from The American Heritage® Dictionary of the English Language, 4th Edition
- transitive v. To cause to come to know personally: Let me acquaint you with my family.
- transitive v. To make familiar: acquainted myself with the controls.
- transitive v. To inform: Please acquaint us with your plans.
from Wiktionary, Creative Commons Attribution/Share-Alike License
- v. To furnish or give experimental knowledge of; to make (one) to know; to make familiar.
- v. To communicate notice to; to inform; to make cognizant.
- v. To familiarize; to accustom.
- adj. Acquainted.
from the GNU version of the Collaborative International Dictionary of English
- adj. Acquainted.
- transitive v. To furnish or give experimental knowledge of; to make (one) to know; to make familiar; -- followed by with.
- transitive v. To communicate notice to; to inform; to make cognizant; -- followed by with (formerly, also, by of), or by that, introducing the intelligence.
- transitive v. To familiarize; to accustom.
from The Century Dictionary and Cyclopedia
- Acquainted; personally or mutually known: as, we are not acquaint.
- To cause to have acquaintance or be more or less familiar; make conversant: used with with: as, to acquaint one's self, or make one's self acquainted, with a subject; to make persons (to be) acquainted with each other.
- To furnish with knowledge or information (about); make conversant by notice or communication: with with before the subject of information, and formerly sometimes with of: as, to acquaint a friend with one's proceedings.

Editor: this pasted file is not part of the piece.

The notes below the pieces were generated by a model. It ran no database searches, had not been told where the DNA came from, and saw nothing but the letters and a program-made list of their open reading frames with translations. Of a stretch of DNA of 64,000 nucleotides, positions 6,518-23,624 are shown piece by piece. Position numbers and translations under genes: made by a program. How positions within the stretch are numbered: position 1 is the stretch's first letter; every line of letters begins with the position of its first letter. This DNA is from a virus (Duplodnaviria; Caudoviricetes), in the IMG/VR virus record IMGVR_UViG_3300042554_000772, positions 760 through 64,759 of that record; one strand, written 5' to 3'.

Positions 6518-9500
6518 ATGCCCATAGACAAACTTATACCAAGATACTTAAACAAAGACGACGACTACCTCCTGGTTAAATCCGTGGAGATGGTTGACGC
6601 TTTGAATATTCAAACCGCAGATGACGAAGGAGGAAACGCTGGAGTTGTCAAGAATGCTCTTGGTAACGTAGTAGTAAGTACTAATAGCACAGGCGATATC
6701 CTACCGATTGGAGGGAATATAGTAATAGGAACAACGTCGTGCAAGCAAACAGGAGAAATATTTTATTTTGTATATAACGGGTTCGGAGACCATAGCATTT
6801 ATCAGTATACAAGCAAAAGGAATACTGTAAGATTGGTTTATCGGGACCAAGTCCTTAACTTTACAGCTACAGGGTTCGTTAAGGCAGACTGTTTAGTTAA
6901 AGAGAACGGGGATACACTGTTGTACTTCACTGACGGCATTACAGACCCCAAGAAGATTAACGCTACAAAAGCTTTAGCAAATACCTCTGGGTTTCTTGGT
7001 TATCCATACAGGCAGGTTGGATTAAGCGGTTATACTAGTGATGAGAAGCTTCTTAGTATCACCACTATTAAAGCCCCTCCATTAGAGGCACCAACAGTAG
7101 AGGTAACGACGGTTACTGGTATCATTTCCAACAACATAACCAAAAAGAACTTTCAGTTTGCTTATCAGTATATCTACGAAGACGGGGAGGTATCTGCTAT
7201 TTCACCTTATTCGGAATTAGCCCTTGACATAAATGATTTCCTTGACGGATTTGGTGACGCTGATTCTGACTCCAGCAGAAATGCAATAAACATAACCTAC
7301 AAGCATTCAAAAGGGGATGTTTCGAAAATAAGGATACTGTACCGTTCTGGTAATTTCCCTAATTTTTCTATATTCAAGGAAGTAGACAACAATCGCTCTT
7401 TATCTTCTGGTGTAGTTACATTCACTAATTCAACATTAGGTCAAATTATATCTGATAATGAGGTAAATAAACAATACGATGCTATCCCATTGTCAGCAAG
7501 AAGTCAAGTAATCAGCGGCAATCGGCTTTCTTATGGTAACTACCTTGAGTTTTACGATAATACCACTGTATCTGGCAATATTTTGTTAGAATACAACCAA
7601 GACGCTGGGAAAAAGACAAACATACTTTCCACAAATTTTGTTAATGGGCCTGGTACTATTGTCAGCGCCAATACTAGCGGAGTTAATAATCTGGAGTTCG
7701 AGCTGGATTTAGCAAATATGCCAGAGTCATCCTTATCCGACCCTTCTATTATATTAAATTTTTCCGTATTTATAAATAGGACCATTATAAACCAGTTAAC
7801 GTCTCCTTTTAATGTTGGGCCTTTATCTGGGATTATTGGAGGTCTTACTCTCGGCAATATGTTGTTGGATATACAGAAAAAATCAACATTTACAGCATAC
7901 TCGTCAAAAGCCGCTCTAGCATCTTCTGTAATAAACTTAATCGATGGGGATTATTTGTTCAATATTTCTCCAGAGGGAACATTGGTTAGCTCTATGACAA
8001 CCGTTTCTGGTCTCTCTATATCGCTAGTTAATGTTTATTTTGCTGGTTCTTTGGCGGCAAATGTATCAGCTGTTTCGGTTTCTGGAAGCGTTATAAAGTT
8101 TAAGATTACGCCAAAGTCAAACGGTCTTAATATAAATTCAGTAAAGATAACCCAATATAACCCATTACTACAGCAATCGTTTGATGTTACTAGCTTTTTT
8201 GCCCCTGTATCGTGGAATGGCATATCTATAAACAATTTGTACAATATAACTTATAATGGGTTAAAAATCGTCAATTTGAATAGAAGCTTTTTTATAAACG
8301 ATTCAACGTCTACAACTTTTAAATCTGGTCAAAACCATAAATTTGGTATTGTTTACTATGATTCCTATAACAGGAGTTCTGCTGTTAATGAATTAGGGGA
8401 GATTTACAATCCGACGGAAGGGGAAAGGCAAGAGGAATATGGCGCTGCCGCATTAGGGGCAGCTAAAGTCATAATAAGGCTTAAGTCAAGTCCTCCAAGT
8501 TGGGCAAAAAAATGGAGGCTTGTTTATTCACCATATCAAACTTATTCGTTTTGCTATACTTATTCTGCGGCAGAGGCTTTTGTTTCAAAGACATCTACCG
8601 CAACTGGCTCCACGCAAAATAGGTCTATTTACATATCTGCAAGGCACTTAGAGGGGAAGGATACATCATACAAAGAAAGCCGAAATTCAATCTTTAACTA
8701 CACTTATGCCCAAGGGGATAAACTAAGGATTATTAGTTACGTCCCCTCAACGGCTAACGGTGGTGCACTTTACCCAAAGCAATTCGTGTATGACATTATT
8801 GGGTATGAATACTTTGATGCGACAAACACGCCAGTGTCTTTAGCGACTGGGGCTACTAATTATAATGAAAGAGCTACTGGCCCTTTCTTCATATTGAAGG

- Synonyms To acquaint (with), make known (to), familiarize (with), introduce (to). To inform (of), communicate (to), apprise (of), mention (to), signify (to), intimate (to), disclose (to), reveal (to), tell (to). See announce and inform.
- To become acquainted.
- n. An acquaintance.
from WordNet 3.0 Copyright 2006 by Princeton University. All rights reserved.
- v. cause to come to know personally
- v. inform
- v. make familiar or conversant with
Middle English aqueinten, from Old French acointier, from Medieval Latin accognitāre, from Latin accognitus, past participle of accognōscere, to know perfectly : ad-, intensive pref.; see ad- + cognōscere, to know; see cognition.(American Heritage® Dictionary of the English Language, Fourth Edition)
From Middle English aqueinten, acointen, from Old French acointier, from Late Latin adcognitare, from Latin ad + cognitus, past participle of cognoscere ("to know"), from con- + noscere ("to know"). See quaint, know. (Wiktionary)